PubMed

    Wang, Xiaoying; Liang, Wenju; Wen, Dazhong

    2004-10-01

    The ecological and physiological water requirement of rice was studied in a paddy field of north China, and the field experiment was conducted at Shenyang Experimental Station of Ecology, Chinese Academy of Sciences. Under continuous flooding irrigation (CSF) and intermittent irrigation (IT) conditions, the evapotranspiration and soil evaporation of paddy fields were measured by non-weighing lysimeters and micro-lysimeters, respectively. The results showed that compared with continuous flooding irrigation, the transpiration under intermittent irrigation condition was not significantly reduced, but 16% and 24% of water amounts were reduced by decreasing the water losses through soil water evaporation and percolation, respectively. The water use efficiency of intermittent irrigation was increased 10%, without any adverse effects on biomass and grain yield of rice. Although the amount of water requirement under IT treatment was reduced significantly compared with CSF treatment, about 60% of total water requirement was still lost through deep percolation. Based on the results obtained, the corresponding countermeasures to reduce the amounts of soil water evaporation and percolation and to increase the water use efficiency were put forward in this paper. PMID:15624834

  1. Water relations, nutrient content and developmental responses of Euonymus plants irrigated with water of different degrees of salinity and quality.

    PubMed

    Gómez-Bellot, María José; Alvarez, Sara; Castillo, Marco; Bañón, Sebastián; Ortuño, María Fernanda; Sánchez-Blanco, María Jesús

    2013-07-01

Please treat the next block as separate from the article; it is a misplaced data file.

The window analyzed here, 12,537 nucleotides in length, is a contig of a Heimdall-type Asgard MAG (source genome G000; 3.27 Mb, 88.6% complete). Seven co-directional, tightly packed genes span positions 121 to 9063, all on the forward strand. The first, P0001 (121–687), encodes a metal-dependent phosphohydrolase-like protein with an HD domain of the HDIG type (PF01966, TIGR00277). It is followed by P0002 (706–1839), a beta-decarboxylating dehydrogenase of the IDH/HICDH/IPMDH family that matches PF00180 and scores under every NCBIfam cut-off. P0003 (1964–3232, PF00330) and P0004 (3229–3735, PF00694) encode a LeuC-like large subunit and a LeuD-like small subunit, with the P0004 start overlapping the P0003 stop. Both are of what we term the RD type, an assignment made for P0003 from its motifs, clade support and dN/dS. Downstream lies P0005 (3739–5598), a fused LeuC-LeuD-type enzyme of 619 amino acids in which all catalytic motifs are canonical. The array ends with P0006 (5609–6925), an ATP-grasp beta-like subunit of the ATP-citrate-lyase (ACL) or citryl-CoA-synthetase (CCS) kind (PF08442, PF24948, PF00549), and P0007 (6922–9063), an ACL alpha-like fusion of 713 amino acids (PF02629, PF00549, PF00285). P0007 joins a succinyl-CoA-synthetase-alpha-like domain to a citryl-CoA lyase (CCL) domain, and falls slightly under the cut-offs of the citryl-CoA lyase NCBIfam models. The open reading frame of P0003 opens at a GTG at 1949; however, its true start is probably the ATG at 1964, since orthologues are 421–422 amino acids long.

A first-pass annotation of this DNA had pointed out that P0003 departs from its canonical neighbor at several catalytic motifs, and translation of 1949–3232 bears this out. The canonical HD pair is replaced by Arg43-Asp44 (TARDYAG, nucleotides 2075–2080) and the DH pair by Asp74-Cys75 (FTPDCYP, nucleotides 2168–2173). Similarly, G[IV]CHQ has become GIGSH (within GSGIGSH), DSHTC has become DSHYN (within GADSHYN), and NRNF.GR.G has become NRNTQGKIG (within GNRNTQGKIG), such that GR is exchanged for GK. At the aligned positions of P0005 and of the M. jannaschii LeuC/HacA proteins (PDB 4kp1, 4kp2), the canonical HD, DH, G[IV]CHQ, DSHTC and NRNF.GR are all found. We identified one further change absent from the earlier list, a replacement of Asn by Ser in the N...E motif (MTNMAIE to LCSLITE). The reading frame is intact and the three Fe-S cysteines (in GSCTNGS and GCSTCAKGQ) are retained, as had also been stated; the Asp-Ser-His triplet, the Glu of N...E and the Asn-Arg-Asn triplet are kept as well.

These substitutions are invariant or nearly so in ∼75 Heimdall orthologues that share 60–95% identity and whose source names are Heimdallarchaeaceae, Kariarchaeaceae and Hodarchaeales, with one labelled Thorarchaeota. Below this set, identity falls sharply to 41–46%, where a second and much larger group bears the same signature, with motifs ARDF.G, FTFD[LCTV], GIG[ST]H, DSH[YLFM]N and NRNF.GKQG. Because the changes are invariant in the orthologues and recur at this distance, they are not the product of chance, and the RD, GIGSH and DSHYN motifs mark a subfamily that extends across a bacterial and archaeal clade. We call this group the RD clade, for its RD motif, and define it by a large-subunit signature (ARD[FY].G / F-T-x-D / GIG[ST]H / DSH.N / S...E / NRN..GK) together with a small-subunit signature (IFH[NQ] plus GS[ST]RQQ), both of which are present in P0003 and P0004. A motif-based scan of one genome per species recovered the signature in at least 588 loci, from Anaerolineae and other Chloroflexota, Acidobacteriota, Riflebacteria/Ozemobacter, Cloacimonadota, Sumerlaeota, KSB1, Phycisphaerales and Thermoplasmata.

For 20 weeks, the physiological responses of Euonymus japonica plants to different irrigation sources were studied. Four irrigation treatments were applied at 100 % water holding capacity: control (electrical conductivity (EC) <0.9 dS m(-1)); irrigation water normally used in the area (irrigator's water) IW (EC: 1.7 dS m(-1)); NaCl solution, NaCl (EC: 4 dS m(-1)); and wastewater, WW (EC: 4 dS m(-1)). This was followed by a recovery period of 13 weeks, when all the plants were rewatered with the same amount and quality of irrigation water as the control plants. Despite the differences in the chemical properties of the water used, the plants irrigated with NaCl and WW showed similar alterations in growth and size compared with the control even at the end of the recovery period. Leaf number was affected even when the EC of the irrigation water was of 1.7 dS m(-1) (IW), indicating the salt sensitivity of this parameter. Stomatal conductance (gs) and photosynthesis (Pn), as well as stem water potential (Ψstem), were most affected in plants irrigated with the most saline waters (NaCl and WW). At the end of the experiment the above parameters recovered, while IW plants showed similar values to the control. The higher Na(+) and Cl(+) uptake by NaCl and WW plants led them to show osmotic adjustment throughout the experiment. The highest amount of boron found in WW plants did not affect root growth. Wastewater can be used as a water management strategy for ornamental plant production, as long as the water quality is not too saline, since the negative effect of salt on the aesthetic value of plants need to be taken into consideration.